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Food For Thought Hardcover


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Product Details

  • Age Range: 4 and up
  • Grade Level: Preschool and up
  • Hardcover: 64 pages
  • Publisher: Arthur A. Levine Books (February 1, 2005)
  • Language: English
  • ISBN-10: 0439110181
  • ISBN-13: 978-0439110181
  • Product Dimensions: 10.8 x 9.6 x 0.6 inches
  • Shipping Weight: 1.4 pounds (View shipping rates and policies)
  • Average Customer Review: 4.9 out of 5 stars  See all reviews (34 customer reviews)
  • Amazon Best Sellers Rank: #52,028 in Books (See Top 100 in Books)

Editorial Reviews

From School Library Journal

PreSchool-Grade 1–Smiling oranges, mushroom "men," pepper "people," bananas that look like giraffes, eggplant penguins, and cauliflower sheep are just a few of the delightful food sculptures that grace the pages of this fun, educational offering. Freymann explores various concepts including shapes, colors, numbers, letters, and opposites with the help of his signature vegetable and fruit characters. The concepts are well executed, and although the triangular carrot does not have perfectly straight lines, its shape is recognizable. Children will thoroughly enjoy the clever artwork and adorable characters. A visual treat.–Melinda Piehler, Sawgrass Elementary School, Sunrise, FL

From Booklist

*Starred Review* PreS. Freymann and Elffers previously used their ingenious food sculptures to introduce concepts in How Are You Peeling (1999) and One Lonely Sea Horse (2000). They have truly perfected their craft in this winning collection that covers basic shapes, colors, numbers, letters, and opposites--all introduced through images of artfully manipulated fruits and vegetables. Solid, candy-colored backgrounds showcase an irresistible cast of produce-part creatures, which, thanks to a few inspired cuts, reflect an astonishing assortment of expressions and personalities. The simple, clean design is ideal for demonstrating the concepts; the uncluttered spreads make counting and identification easy. But it's the playful, wonderfully clever transformation of familiar foods that will win an audience; preschoolers will howl gleefully over glistening green-pepper frogs and a snowman of stacked mushroom caps, who toasts his marshmallow over fruit-skin flames. Fans of their previous books will find much that is familiar here, but in this mix of concept and unabashed food play, the authors get the formula just right. Gillian Engberg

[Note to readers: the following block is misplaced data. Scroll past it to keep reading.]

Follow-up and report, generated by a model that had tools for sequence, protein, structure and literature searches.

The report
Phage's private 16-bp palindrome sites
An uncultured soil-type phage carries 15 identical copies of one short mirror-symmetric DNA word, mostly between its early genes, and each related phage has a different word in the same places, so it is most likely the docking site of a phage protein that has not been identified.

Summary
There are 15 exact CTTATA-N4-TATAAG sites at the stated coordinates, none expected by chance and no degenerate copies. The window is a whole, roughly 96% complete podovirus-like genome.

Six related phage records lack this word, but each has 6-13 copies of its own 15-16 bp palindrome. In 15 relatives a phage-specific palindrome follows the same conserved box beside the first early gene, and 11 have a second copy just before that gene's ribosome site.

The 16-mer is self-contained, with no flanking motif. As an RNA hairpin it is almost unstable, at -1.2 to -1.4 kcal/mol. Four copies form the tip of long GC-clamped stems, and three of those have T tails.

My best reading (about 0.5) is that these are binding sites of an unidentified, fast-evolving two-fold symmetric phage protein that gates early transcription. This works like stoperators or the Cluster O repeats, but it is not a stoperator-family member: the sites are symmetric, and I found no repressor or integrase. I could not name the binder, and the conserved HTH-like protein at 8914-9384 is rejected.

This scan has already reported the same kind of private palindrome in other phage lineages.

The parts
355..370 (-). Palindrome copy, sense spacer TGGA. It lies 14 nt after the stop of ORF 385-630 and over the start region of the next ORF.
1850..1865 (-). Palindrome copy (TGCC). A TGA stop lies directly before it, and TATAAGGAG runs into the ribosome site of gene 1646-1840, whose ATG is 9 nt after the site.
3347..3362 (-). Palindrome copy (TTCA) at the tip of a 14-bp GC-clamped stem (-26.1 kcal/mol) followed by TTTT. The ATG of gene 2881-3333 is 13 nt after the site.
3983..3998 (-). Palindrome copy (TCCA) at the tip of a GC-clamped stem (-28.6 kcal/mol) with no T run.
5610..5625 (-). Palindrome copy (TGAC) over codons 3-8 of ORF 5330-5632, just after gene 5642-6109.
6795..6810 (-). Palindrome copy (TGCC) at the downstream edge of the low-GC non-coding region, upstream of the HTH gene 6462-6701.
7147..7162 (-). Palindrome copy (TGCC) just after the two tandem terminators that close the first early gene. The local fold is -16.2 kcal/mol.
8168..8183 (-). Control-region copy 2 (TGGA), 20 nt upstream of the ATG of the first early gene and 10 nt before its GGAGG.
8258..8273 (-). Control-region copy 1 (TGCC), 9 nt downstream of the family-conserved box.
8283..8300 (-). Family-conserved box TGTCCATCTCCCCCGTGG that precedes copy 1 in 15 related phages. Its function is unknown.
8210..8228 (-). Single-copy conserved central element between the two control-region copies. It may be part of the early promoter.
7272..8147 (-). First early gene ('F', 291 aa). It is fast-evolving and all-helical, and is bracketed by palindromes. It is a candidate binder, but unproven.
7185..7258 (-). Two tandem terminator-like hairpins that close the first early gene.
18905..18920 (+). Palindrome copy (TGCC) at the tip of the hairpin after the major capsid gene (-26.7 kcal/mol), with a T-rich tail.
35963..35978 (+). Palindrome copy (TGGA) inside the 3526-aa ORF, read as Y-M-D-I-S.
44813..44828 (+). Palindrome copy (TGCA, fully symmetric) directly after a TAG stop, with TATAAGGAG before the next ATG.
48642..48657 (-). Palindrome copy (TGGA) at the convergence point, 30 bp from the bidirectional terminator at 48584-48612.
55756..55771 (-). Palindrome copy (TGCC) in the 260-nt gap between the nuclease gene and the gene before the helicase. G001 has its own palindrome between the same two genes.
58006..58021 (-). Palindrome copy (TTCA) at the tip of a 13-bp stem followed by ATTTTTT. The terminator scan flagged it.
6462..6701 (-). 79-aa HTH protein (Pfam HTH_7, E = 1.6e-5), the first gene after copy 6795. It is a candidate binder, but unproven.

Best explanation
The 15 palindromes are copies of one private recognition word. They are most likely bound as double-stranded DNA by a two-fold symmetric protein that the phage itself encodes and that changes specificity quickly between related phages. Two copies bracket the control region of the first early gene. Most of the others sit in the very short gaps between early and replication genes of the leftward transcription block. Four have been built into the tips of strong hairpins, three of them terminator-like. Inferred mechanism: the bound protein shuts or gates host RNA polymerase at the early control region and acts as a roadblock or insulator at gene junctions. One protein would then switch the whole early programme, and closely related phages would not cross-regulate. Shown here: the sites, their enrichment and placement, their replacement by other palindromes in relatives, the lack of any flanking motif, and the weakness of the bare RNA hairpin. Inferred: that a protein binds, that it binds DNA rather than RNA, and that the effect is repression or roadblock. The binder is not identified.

Copyright © American Library Association. All rights reserved

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Customer Reviews

4.9 out of 5 stars
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I've seen two other books by the same authors, but this one is "the one."
Amazon Customer
Terrific book for young toddlers to teach the the basics of counting, colors, letters of the alphabet and opposites.
KSL
I got this book for my nephew's birthday (he was turning 3) and he really loved it.
Charlene

Most Helpful Customer Reviews

15 of 15 people found the following review helpful By Anne B. Levy on February 13, 2005
Format: Hardcover
Someone forgot to tell this duo not to play with their food. Thank goodness, or kids wouldn't have such startling sculptures of bok choy fish or cauliflower sheep to teach them basic concepts: colors, shapes, numbers, letters and opposites. Eye-catching colors and uncluttered layouts keep this fruity menagerie moving along.

The foods are real -- and after several readings, I'm still scrutinizing the pages to see just how the artists did it. Even knowing they used black-eyed peas for eyes doesn't affect the magic: How did they find all those peppers with silly faces? How come my bruised bananas never look like giraffes?

I brought this book to my son's pre-school and the teacher didn't want to part with it: the kids wouldn't let her put it down. You'll never look at salad the same way again.
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14 of 14 people found the following review helpful By Nanette on July 26, 2005